A Tribute to My Dad
In honor of Father’s Day, I would like to dedicate this blog to the memory of my dad who passed away five years ago on June 13, 2009. Ernest Lee Gartner, who married Lewis Reed’s daughter, Mary Jane, joined Reed Brothers Dodge in 1949. My father was a kindhearted, stubborn, difficult, witty, and an amazingly savvy businessman. I’ve had five years now to look back at his life, and as I do, I see his strengths and his weaknesses realistically. I am more than glad for those strengths. My dad gave me his strong points and showed me the blueprint for how to be successful: including a strong work ethic and instilling within me the belief that I can achieve whatever it is that I desire.
My dad taught me courage in the face of adversity, more than any other human being I have ever met. He was a hard worker, he was the type that persevered. I long ago forgave his faults and shortcomings, choosing instead to focus on the good he did for me, for my mom, my siblings and for a lot of other people as well.
When Lewis Reed passed away on January 28, 1967, my dad continued the business as Dealer Principal making Reed Brothers Dodge a second generation dealer. Representing the 2nd generation, my dad took on a new set of challenges. When the state widened the roads in 1970, he purchased 4.37 acres of land from Eugene Casey and relocated Reed Brothers Dodge from its original location at the intersection of Veirs Mill Road and Rockville Pike to a new state-of-the-art showroom and Dodge/Chrysler/Jeep service complex on Route 355 at 15955 Frederick Road Rockville Maryland.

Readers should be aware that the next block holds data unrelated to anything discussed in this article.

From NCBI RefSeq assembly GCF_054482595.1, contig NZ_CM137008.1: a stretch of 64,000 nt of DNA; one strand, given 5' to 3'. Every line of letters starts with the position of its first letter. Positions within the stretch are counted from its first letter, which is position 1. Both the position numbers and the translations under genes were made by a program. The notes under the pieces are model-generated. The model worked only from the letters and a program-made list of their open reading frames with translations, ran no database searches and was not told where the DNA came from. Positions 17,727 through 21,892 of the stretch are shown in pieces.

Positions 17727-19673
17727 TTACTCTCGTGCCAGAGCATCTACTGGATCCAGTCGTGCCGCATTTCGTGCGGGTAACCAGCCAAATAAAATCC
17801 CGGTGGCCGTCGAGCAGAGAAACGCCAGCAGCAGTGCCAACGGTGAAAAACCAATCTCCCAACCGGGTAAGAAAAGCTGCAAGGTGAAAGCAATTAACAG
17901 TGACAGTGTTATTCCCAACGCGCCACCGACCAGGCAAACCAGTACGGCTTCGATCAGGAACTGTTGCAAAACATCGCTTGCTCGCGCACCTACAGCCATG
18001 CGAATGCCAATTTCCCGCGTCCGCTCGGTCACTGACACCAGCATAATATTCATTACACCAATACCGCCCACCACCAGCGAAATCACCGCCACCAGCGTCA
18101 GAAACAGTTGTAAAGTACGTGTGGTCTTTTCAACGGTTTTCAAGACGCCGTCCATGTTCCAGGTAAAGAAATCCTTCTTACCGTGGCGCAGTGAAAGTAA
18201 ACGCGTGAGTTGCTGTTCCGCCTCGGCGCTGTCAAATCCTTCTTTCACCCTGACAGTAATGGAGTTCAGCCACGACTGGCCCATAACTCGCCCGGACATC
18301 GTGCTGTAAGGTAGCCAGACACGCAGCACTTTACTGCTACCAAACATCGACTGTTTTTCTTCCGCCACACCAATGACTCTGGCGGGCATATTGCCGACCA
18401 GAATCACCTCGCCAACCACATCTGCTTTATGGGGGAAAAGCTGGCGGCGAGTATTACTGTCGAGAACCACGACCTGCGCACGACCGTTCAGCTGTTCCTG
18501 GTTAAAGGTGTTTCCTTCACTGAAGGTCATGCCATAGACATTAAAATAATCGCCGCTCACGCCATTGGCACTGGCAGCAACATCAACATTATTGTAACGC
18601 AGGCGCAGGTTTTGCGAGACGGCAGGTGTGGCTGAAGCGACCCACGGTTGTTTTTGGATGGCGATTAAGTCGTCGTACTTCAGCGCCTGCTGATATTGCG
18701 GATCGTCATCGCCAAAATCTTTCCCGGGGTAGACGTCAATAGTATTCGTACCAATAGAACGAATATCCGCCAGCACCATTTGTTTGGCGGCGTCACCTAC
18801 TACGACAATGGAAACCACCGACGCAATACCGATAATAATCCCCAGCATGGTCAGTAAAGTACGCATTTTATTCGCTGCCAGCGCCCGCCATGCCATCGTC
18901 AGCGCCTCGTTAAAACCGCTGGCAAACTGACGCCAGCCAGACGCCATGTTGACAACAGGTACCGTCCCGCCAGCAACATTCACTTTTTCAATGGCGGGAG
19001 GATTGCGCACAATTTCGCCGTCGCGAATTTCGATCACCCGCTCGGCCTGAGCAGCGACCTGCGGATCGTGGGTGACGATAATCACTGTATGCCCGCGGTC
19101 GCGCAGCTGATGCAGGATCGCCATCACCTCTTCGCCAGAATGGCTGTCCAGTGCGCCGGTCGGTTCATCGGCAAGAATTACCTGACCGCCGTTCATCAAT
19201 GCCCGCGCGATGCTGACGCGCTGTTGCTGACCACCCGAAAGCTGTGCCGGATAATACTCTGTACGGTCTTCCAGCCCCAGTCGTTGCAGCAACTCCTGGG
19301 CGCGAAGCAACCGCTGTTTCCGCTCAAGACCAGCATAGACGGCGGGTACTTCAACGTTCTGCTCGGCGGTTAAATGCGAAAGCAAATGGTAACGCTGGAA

In comparison to Lewis Reed, whose dealership survived through World War I, The Great Depression and World War II, Lee Gartner successfully navigated Reed Brothers Dodge through numerous Chrysler setbacks during the 1970’s and 80’s, including the first Chrysler Bailout, the sale of Chrysler to Daimler, and the sale to the private equity firm Cerberus. He applied his 30+ years experience with Reed Brothers to meet the challenges of gasoline shortages, high interest rates, severe inflation, and weakening consumer confidence which drove Chrysler into financial crisis. This survival is testimony that he not only conquered setbacks, but often rebounded to reach new levels of success. These are pretty remarkable things.
My dad succumbed to metastatic melanoma on June 13, 2009, just four days after the loss of the family’s Dodge franchise. Though he later ceded control to his sons, he rarely missed a day of work. Until his untimely death, he was a fixture at the dealership and could be seen around just about every day watering flowers, reading his newspaper, walking through the shop, and greeting friends and customers in the showroom. The word “retirement” was not in my dad’s vocabulary. He showed no signs of stepping away from the dealership that he helped build for more than 60 years. He remained Chairman of the Board until his death.
I will always remember my dad as a successful businessman whose persistent energy was always there for family first, but in equal measure for the public he served. He was smart and also honest and dependable – characteristics that kept Reed Brothers Dodge at the pinnacle of auto dealerships throughout his career. Men like him are few and far between.
I never had a chance to tell my dad how much I admired him, but I remain proud of him and his accomplishments. Lee Gartner continued what Lewis Reed built from the ground up and helped make Reed Brothers Dodge into a successful family business that lasted almost a century.
I think of you, Dad, every day. For all who read this post, if you are lucky enough to still have your father with you, honor and treasure him, if not, remember him with a happy thought and a prayer for all he gave you.
Happy Father’s Day.